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Dhaka Tribune

Much ado about nothing, saga of country’s Test cricket

The saga of Bangladesh Test cricket since its beginning a couple of decades ago is a vicious cycle that can best be described as 'Much Ado About Nothing'

Update : 15 Feb 2021, 09:22 PM

Every time the Bangladesh cricket team face a disaster in the Test arena, the loud opinions of what to do and what not to do resurfaces. 

However, with the passage of time, those words disappear into the wilderness, just to come back even louder in the wake of the next disaster. 

During the period of one catastrophe to another, none seems to really care about taking the measures to prevent the forthcoming ignominy and the inevitable arises with more hullaballoo. 

The saga of Bangladesh Test cricket since its beginning a couple of decades ago is a vicious cycle that can best be described as “Much Ado About Nothing”. 

Like a dark comedy, the cycle is perpetual and despite endowing excruciating pain to the lovers of the country’s game, from hindsight it is a perennial fuss.     

Following Bangladesh’s 224-run humiliating defeat in the one-match Test series against Afghanistan, the newbie in the arena, back in 2019, the critics had come hard and the Bangladesh Cricket Board had promised a path to improvement in the format. 

A year later, Bangladesh stands in a similar position, having just conceded a 2-0 series whitewash at home against an inexperienced West Indies, whose strength was dilapidated with the withdrawl of some senior players from the tour.

Windies players successfully appeal the dismissal of Mushfiqur Rahim AFP

Discussions are high on what went wrong both on and off the field. 

BCB president Nazmul Hasan, who is known to come up with opinions on most issues regarding the country’s cricket, came hard on the team, through media, mentioning of what was not done or could have been done. 

There however is, a fine line. 

There is a big debate if the defeats are simply outcome of the errors on the field or of a system that is simply unable to produce any good result.

There is no doubt to the claim that the Bangladesh cricketers failed to execute in both the Tests against the Windies and that there should not be any justification behind these shortcomings. 

But apart from the cricketers, the fingers, like always, and perhaps rightly, are also being pointed towards the system.

BCB boss Nazmul during the press meet Sunday revealed with discontent how Soumya Sarkar had made it into the squad as a replacement to all-rounder Shakib al Hasan, and eventually played as an opener in the crucial game.

Shayne Moseley takes a catch to dismiss Nazmul Hossain Shanto AFP

“When I heard Shakib is injured and that we will need a replacement for the second Test, we made a list of options. I had Akram (Khan), Minhajul Abedin, Khaled Mahmud and Habibul Bashar in front of me. I gave them four to five options which included Mahmudullah then Mosaddek Hossain, Mahedi Hasan and Soumya as the fourth option. They chose Soumya,” Nazmul had informed.

The statement raised questions on the process or the thought that was put behind the selection. 

BCB as part of its central contract offers separate deals to it players – for red-ball and white-ball. 

The four names that were looked into as replacement of an important player like Shakib, none of them are part of the red-ball setup.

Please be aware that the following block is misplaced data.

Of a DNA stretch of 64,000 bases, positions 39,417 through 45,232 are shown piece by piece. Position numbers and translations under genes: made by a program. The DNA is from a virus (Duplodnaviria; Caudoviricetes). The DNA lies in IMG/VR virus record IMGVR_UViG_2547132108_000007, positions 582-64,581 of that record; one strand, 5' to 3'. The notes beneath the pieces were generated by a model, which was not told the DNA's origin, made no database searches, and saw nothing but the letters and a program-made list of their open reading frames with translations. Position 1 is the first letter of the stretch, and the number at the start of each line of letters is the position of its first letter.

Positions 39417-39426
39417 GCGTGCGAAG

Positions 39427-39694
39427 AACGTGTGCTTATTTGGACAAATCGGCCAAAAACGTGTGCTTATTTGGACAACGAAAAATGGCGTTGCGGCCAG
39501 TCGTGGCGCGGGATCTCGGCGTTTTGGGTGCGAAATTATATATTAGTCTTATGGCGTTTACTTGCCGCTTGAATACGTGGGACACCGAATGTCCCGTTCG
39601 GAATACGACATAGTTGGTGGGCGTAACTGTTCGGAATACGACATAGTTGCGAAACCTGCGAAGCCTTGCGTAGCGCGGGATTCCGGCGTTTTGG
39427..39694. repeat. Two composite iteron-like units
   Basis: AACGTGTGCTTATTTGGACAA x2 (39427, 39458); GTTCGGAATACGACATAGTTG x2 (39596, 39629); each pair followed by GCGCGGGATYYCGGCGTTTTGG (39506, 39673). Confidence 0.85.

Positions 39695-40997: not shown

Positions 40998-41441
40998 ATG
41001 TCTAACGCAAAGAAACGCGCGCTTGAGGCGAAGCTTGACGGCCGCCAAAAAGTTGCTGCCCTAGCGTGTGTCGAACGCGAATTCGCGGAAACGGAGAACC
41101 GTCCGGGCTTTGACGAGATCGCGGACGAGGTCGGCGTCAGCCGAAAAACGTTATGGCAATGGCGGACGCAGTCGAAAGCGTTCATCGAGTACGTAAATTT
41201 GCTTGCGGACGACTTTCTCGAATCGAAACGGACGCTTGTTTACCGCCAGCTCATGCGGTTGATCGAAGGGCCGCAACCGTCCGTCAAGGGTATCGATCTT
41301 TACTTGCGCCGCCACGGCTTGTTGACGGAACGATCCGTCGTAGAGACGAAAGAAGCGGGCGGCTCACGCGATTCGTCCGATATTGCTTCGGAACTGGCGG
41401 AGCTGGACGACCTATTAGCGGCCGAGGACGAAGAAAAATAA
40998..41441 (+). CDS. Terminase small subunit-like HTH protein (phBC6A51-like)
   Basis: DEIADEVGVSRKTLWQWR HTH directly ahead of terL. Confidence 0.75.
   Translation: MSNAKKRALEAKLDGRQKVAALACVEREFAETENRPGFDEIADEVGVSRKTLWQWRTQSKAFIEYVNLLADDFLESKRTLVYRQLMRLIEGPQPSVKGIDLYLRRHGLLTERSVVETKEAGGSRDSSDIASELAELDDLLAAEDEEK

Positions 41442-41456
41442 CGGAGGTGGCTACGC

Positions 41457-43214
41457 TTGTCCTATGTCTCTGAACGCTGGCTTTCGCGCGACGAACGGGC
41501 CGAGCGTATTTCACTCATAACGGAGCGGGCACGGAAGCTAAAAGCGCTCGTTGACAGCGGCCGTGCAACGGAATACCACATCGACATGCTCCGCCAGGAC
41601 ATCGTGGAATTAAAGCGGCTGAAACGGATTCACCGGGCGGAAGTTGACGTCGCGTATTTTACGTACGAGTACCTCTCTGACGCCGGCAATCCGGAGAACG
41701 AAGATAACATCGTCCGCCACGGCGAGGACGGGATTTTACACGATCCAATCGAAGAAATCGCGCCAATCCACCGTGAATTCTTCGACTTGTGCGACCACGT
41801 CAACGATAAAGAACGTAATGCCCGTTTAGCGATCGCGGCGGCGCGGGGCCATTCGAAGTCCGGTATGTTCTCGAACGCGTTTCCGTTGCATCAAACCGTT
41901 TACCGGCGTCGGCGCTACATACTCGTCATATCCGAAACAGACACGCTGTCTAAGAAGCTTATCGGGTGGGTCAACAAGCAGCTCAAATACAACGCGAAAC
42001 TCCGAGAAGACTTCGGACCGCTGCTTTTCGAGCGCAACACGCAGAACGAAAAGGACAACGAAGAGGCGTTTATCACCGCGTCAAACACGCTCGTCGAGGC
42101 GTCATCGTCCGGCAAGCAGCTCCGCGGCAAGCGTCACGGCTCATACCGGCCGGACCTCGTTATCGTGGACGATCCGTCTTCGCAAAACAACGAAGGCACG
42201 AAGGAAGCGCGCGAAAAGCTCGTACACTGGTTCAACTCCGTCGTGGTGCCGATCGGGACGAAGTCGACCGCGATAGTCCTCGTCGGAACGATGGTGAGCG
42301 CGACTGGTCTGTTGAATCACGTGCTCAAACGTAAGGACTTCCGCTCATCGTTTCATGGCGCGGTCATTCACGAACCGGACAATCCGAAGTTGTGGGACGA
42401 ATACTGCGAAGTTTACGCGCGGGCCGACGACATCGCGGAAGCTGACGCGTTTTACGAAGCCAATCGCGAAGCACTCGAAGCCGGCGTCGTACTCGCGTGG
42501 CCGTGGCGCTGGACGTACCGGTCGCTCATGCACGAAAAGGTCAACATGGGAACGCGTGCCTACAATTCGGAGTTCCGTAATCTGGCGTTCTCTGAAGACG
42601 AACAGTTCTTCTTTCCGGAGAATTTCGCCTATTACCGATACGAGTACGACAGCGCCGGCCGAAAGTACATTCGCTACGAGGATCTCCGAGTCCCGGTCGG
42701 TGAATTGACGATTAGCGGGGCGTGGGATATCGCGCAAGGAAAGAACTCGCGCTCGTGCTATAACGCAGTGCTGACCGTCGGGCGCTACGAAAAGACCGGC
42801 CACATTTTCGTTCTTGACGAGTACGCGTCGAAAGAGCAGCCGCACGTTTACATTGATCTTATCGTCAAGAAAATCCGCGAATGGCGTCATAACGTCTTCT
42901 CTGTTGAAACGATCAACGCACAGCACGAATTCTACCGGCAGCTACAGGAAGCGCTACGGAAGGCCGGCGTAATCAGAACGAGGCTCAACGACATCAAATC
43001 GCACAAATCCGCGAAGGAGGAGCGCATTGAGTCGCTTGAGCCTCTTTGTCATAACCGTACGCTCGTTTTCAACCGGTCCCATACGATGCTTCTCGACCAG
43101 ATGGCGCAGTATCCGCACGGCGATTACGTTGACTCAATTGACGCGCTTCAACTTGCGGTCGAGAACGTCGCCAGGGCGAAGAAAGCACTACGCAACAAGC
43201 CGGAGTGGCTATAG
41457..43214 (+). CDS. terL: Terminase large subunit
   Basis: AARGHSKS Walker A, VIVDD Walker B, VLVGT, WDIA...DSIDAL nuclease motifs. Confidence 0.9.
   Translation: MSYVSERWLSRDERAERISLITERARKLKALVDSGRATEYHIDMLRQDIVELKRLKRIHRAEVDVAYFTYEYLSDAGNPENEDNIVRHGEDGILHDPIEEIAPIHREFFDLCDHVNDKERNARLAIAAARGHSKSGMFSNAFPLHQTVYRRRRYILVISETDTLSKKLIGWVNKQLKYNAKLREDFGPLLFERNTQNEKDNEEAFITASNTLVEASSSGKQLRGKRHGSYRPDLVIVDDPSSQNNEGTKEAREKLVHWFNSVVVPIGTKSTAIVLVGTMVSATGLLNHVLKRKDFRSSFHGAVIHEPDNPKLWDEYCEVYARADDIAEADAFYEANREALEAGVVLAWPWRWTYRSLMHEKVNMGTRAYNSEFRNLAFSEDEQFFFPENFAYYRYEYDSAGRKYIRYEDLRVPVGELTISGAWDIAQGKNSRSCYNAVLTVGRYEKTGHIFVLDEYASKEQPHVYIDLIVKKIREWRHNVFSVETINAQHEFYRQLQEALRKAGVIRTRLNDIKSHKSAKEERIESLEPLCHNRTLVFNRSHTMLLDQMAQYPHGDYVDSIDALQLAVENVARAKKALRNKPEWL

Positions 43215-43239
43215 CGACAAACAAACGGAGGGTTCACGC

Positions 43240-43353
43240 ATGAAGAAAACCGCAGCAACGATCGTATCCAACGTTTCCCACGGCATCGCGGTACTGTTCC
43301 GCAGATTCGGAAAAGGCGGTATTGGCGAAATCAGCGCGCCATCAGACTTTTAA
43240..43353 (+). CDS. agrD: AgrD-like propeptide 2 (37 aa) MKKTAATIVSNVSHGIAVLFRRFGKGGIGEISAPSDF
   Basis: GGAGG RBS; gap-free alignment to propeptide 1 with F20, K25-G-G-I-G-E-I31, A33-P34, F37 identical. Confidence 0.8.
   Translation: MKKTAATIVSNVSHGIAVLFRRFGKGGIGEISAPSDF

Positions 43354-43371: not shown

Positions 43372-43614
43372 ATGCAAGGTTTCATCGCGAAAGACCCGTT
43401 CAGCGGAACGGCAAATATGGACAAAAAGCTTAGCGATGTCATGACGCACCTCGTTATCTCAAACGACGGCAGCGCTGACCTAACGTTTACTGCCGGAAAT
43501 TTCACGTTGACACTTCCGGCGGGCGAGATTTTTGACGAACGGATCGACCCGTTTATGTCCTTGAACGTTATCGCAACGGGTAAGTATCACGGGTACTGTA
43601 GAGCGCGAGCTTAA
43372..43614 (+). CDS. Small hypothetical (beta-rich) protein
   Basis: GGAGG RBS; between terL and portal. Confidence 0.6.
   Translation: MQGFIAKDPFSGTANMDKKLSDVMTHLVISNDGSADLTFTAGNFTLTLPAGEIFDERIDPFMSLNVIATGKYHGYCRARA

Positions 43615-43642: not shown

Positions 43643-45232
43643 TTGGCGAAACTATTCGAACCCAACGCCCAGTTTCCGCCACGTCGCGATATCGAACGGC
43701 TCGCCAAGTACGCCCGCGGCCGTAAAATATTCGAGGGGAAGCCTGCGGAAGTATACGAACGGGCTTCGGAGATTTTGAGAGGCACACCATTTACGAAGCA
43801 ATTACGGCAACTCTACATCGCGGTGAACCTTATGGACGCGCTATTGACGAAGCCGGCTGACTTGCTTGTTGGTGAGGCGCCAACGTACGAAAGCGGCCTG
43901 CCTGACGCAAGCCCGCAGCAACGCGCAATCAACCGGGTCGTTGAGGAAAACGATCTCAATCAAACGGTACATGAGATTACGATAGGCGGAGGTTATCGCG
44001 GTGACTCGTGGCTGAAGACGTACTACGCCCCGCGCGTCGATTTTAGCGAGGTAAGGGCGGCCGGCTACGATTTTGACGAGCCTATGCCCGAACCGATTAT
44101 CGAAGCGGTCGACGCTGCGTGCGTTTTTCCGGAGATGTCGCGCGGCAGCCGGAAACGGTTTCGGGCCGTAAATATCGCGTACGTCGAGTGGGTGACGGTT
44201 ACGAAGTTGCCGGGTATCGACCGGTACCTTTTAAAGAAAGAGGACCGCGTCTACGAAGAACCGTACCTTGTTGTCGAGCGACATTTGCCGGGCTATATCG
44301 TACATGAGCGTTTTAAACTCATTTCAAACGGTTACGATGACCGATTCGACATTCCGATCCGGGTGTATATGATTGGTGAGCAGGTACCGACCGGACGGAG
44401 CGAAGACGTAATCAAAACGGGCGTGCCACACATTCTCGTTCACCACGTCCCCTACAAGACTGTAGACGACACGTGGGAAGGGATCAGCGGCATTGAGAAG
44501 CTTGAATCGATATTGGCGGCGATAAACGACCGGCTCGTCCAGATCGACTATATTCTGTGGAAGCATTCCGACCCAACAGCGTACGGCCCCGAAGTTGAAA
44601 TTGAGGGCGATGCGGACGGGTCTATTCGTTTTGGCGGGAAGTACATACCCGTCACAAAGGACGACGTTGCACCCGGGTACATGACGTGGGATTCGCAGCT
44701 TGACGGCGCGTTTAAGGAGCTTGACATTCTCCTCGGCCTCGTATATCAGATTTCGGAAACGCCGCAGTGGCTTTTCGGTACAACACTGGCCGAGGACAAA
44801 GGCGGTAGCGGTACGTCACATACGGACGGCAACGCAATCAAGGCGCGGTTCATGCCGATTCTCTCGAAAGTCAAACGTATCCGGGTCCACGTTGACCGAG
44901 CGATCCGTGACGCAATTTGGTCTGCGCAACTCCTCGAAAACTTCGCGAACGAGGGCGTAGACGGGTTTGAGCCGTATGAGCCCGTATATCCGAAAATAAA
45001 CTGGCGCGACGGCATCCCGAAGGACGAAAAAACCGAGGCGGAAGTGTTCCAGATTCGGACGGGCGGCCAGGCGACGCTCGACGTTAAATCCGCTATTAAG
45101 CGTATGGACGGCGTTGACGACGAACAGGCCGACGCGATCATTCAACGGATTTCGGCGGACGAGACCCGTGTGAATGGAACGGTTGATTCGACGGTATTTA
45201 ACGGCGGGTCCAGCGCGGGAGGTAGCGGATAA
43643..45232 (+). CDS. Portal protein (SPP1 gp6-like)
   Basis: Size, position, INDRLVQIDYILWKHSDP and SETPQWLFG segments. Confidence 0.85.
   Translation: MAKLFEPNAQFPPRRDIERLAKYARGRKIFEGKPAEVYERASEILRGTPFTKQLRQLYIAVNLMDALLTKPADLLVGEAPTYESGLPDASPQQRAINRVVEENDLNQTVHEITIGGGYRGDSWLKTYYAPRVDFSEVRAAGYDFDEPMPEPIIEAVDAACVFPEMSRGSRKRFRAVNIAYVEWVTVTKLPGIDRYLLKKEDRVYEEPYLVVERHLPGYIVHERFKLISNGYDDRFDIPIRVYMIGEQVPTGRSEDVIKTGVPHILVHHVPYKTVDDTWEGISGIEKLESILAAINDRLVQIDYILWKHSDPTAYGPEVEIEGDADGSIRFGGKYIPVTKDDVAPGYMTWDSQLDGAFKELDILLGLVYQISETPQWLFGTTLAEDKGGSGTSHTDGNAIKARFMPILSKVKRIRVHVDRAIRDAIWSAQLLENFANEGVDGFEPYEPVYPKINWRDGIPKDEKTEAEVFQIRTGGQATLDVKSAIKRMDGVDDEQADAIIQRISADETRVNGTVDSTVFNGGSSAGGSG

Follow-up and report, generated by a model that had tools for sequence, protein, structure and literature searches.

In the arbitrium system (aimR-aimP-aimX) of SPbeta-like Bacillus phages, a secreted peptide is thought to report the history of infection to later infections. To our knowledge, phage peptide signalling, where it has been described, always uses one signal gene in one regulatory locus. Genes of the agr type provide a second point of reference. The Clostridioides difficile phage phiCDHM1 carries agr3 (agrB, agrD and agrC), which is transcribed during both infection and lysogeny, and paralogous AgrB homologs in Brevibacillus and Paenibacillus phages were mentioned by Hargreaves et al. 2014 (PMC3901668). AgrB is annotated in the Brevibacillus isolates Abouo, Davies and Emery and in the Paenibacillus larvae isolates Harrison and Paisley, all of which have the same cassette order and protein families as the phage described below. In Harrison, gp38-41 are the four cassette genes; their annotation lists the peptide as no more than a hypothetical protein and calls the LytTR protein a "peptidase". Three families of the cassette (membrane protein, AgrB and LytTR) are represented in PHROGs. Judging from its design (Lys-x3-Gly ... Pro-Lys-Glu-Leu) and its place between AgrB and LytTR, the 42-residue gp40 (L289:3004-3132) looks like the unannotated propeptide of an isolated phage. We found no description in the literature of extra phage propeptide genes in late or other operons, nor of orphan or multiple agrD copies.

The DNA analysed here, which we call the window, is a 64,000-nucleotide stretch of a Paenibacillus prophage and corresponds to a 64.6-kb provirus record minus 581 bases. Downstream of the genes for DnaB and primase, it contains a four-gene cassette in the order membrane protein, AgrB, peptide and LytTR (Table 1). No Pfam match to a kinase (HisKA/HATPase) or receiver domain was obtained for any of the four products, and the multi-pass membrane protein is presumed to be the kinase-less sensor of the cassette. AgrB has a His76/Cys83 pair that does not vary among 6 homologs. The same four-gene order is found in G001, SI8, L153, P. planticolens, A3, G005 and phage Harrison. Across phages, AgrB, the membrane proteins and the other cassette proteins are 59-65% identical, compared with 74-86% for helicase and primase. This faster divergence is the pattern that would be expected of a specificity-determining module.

To many this indicated that the fault line goes to the very root of the process – being unable to provide a proper back up at a crucial time.

There is big discussion in the arena if Bangladesh, despite playing the longest format of cricket for over 20 years, has been able to develop importance towards this format of cricket. 

Every time a Test match or a series is lost, a common excuse comes in the team of not playing enough Test cricket but they are not playing enough domestic matches as well.

Tamim Iqbal is cleaned up AFP

The two first-class tournaments of the country, National Cricket League and Bangladesh Cricket League, are often held when the national team cricketers are busy with international schedule. 

But when it comes to the two premier white-ball cricket tournaments, Dhaka Premier Division Cricket League and Bangladesh Premier League T20, BCB makes vigorous efforts to find free slots in the calendar to ensure the national cricketers’ participation.

Say for instance the upcoming season of NCL, a four-day tournament involving eight divisional teams divided into two tiers. 

The regular domestic cricket competitions have remained suspended since March last year due to the Covid-19 pandemic. 

The board is mulling to get domestic cricket to the field through the NCL next month, when the majority of the Bangladesh cricketers will be busy touring New Zealand.

The lack of care for longer version games is perhaps the biggest reason players are failing to adapt as Test cricket is not a place to learn but rather an ultimate place to show one’s mettle. 

Without being properly equipped by playing domestic cricket, it is impossible to get good results in the Test arena. 

Nayeem Hasan is dismissed as the West Indies players celebrate AFP

It is like asking someone to face the fire of war field without having training or equipments. 

Unfortunately, the trend is continued in the lower levels as well. 

Not only first-class cricket, there is hardly any serious tournaments in the second or third tier of the country. 

There is hardly any opportunity for millions of youngsters to groove and ascend through a proper system. 

And the result?

A big joke, huge tremor for nothing, almost a Shakespearian comedy on a grand stage.

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